Who doesn’t enjoy a good stock chart?
America’s famed everything store is making waves yet again, as evidenced by Thursday’s big drop on the stock market. Don’t get me wrong, I love me a good stock chart just as much as the next guy, but there is a lot of this story that the charts aren’t telling you. Sorry chart nerds, if in fact you exist.
Not a good day for Bezos
Before November’s post-election meltdown, 2016 was shaping up to be a record year for Amazon CEO Jeff Bezos. His fortune had grown by over $20 billion, bumping Warren Buffet down to the number three spot on Forbes 400 lists and making Bezos the second richest person in the United States; an achievement that was anything but spontaneous.
Amazon had been working hard to expand their services and industry penetration overseas by introducing a host of new services. From cloud based amenities offered through their new AWS platform to all original entertainment programming, and making moves to expand into the Indian market, Amazon’s push for growth was anything but subtle.
All well and good, but the increase in operating costs raised some eyebrows on Wall Street.
And when Amazon’s 2016 fourth quarter earnings report released on Thursday showed Amazon’s revenues at just over a billion dollars short of analyst estimates, their stock took a whopping 4.15% hit during after-hours trading.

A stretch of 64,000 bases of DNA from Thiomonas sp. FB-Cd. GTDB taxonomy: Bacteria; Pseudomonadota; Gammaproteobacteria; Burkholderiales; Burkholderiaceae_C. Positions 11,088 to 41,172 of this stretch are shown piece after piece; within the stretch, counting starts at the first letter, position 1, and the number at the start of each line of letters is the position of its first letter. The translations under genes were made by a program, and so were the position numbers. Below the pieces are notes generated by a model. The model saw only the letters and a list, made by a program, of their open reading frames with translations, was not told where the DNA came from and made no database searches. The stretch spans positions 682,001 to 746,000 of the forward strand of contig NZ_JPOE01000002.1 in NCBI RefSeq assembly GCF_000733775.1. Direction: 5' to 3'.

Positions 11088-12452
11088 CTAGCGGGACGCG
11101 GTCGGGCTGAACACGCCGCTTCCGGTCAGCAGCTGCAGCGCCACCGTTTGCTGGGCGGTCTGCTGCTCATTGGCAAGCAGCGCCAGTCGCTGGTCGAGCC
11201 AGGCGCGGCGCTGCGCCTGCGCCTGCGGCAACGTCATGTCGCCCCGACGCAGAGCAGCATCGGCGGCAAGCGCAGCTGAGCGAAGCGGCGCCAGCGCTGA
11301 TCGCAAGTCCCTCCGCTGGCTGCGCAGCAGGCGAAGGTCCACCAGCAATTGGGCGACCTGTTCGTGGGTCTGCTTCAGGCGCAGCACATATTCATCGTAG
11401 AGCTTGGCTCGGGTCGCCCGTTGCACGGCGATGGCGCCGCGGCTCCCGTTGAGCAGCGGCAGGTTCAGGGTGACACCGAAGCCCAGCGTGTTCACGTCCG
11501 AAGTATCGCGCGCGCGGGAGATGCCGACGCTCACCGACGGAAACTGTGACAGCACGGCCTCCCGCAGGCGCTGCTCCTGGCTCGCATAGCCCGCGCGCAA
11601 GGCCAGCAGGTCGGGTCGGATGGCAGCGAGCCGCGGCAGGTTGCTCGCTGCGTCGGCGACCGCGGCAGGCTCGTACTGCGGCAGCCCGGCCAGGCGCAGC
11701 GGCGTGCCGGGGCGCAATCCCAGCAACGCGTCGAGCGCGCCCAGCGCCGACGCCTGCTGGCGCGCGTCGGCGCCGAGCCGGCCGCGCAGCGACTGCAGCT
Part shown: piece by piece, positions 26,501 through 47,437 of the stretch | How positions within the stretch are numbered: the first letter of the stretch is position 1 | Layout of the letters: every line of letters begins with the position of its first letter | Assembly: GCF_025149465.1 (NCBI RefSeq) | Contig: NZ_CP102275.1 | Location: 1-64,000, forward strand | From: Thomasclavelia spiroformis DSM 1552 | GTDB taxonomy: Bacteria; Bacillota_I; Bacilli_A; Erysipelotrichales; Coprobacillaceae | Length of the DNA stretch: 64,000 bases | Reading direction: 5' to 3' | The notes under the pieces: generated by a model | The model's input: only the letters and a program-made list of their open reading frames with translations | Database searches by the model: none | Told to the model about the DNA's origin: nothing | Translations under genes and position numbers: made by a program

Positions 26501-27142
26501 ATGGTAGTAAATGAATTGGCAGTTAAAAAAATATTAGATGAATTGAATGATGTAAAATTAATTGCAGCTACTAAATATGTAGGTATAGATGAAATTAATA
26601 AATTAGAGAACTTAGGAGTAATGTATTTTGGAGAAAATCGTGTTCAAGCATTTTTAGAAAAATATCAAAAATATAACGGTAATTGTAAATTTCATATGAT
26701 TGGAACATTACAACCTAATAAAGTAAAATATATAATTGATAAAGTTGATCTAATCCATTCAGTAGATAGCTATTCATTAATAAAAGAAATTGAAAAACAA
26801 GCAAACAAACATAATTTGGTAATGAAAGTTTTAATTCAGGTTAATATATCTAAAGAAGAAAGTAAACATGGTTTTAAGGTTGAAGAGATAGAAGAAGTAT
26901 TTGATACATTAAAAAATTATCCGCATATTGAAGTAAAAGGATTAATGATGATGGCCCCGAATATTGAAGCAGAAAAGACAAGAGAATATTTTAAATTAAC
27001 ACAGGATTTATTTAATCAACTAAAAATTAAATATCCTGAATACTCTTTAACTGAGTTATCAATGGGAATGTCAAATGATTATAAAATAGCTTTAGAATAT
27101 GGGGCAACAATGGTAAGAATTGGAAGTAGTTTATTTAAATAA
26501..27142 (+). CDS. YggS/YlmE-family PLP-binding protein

This brought Bezos’ net worth down $2.8 billion in a single hour, making his $69.4 billion fortune now the fourth largest in the US.
All indicators point up
Luckily for Bezos, it’s not all gloom and doom on the economic front. Amazon’s 2016 stock gains outperformed the Zacks electronic commerce industry’s by 8.65% over the year, and though revenues did fall short of analyst estimates for 2016, there were up 27% from 2015’s $107 billion to $136 billion. This due in part to record holiday season sales led by devices such as the Amazon Echo, Echo Dot, Fire TV Stick, and Fire Tablet. Amazon Web Services also contributed to upward movement in stock price bringing in $3.5 billion in the fourth quarter alone, and with major league customers such as McDonald’s, Capital One and Salesforce, consumer confidence seems to be sky high.
Currently, Amazon stock is down 0.32% from previous close, but for a company that built an empire on its belief in innovation and forward thinking, it makes sense to expect more of that characteristic originative moxie to carry Amazon onward and upward.
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